Claims of First Gene-Edited Babies Spark Concerns
Reports this week that a researcher in China has created genetically modified children using the gene editing technology CRISPR have been met with widespread concern. Dr. He Jiankui, a physicist on faculty at the Southern University of Science and Technology in Shenzhen, China, claims that he used CRISPR in the in vitro fertilization process of twin girls born this month.
NYSCF shares these concerns about Dr. He’s claims, which would constitute a premature clinical use of CRISPR technology. CRISPR gene editing is instrumental in disease research being carried out in our laboratory and by our global community, and clinical trials are underway for CRISPR correction of mutations that cause certain diseases. These applications adhere to the global consensus in the scientific community against engineering inheritable genetic changes.
In violation of this consensus, Dr. He claims to have engineered the modifications in an embryo rather than in the cells of an adult. Additionally, his use of gene editing to bolster the twins’ resistance to their father’s HIV virus did not address an unmet medical need, as effective methods for preventing inheritance of the HIV virus already exist. These issues, along with the secrecy surrounding Dr. He’s actions, make his work deeply troubling to the greater research community. Before CRISPR is used to alter the genomes of unborn children, further research must be performed to ensure that the technology is safe, and broad consensus building involving all stakeholders is essential.
“Not only do I see this as risky, but I am also deeply concerned about the lack of transparency surrounding this trial,” said CRISPR pioneer and NYSCF–Robertson Stem Cell Investigator Dr. Feng Zhang, a Core Member at the Broad Institute of MIT and Harvard, and Professor of Brain and Cognitive Sciences and Biological Engineering at MIT, in a statement. “All medical advances, gene editing or otherwise and particularly those that impact vulnerable populations, should be cautiously and thoughtfully tested, discussed openly with patients, physicians, scientists, and other community members, and implemented in an equitable way.”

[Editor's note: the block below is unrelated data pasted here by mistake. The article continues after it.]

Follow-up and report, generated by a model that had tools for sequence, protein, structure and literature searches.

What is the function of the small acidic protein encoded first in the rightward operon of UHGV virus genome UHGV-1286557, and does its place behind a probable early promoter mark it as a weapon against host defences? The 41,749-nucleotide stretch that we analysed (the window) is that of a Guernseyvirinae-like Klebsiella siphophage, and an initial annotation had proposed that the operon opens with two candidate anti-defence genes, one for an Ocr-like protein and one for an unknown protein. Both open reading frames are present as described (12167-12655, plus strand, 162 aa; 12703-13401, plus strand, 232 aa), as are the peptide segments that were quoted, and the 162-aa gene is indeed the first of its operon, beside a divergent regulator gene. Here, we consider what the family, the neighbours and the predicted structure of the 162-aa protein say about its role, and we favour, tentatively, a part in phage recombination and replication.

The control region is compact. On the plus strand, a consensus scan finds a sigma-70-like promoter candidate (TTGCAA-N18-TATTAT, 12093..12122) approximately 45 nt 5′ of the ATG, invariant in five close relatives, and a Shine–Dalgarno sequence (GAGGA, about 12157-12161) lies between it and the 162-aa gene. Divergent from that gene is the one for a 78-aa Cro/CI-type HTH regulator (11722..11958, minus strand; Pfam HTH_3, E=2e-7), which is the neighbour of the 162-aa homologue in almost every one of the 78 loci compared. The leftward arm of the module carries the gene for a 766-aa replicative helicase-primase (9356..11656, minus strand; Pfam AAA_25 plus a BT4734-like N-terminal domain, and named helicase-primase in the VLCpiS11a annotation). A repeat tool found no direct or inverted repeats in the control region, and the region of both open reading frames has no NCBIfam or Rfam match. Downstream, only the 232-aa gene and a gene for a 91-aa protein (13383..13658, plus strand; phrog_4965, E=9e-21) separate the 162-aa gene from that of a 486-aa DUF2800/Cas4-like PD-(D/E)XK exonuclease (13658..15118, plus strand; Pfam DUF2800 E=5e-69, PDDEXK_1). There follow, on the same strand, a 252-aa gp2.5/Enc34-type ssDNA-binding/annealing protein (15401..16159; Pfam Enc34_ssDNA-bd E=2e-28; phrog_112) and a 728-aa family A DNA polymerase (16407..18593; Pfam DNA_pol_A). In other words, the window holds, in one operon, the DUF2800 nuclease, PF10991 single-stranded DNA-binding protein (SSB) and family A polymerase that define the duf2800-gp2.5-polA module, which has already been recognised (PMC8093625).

“The International Society for Stem Cell Research (ISSCR) supports laboratory-based research that involves editing of the nuclear genomes of human sperm, eggs, or embryos, but that is only when it is performed under rigorous review and oversight, as suggested in our international guidelines,” said ISSCR president Dr. Doug Melton, a founding member of NYSCF’s Medical Advisory Board, in a statement. “We do not support any clinical application of human germline or embryo editing at this time.”
“It is profoundly unfortunate that the first apparent application of this powerful technique to the human germline has been carried out so irresponsibly,” said National Institutes of Health Director Francis Collins, MD, PhD, in a statement. “Should such epic scientific misadventures proceed, a technology with enormous promise for prevention and treatment of disease will be overshadowed by justifiable public outrage, fear, and disgust.”
Dr. He presented his work at this week’s Second International Summit on Genome Editing in Hong Kong, whose hosts included the National Academies of Science and Medicine. Following extensive discussions at the Summit, the organizing committee issued a statement that Dr. He’s work was “irresponsible” and fundamentally unethical.
“The organizing committee concludes that the scientific understanding and technical requirements for clinical practice remain too uncertain and the risks too great to permit clinical trials of germline editing at this time,” they said. “Progress over the last three years and the discussions at the current summit, however, suggest that it is time to define a rigorous, responsible translational pathway toward such trials.”
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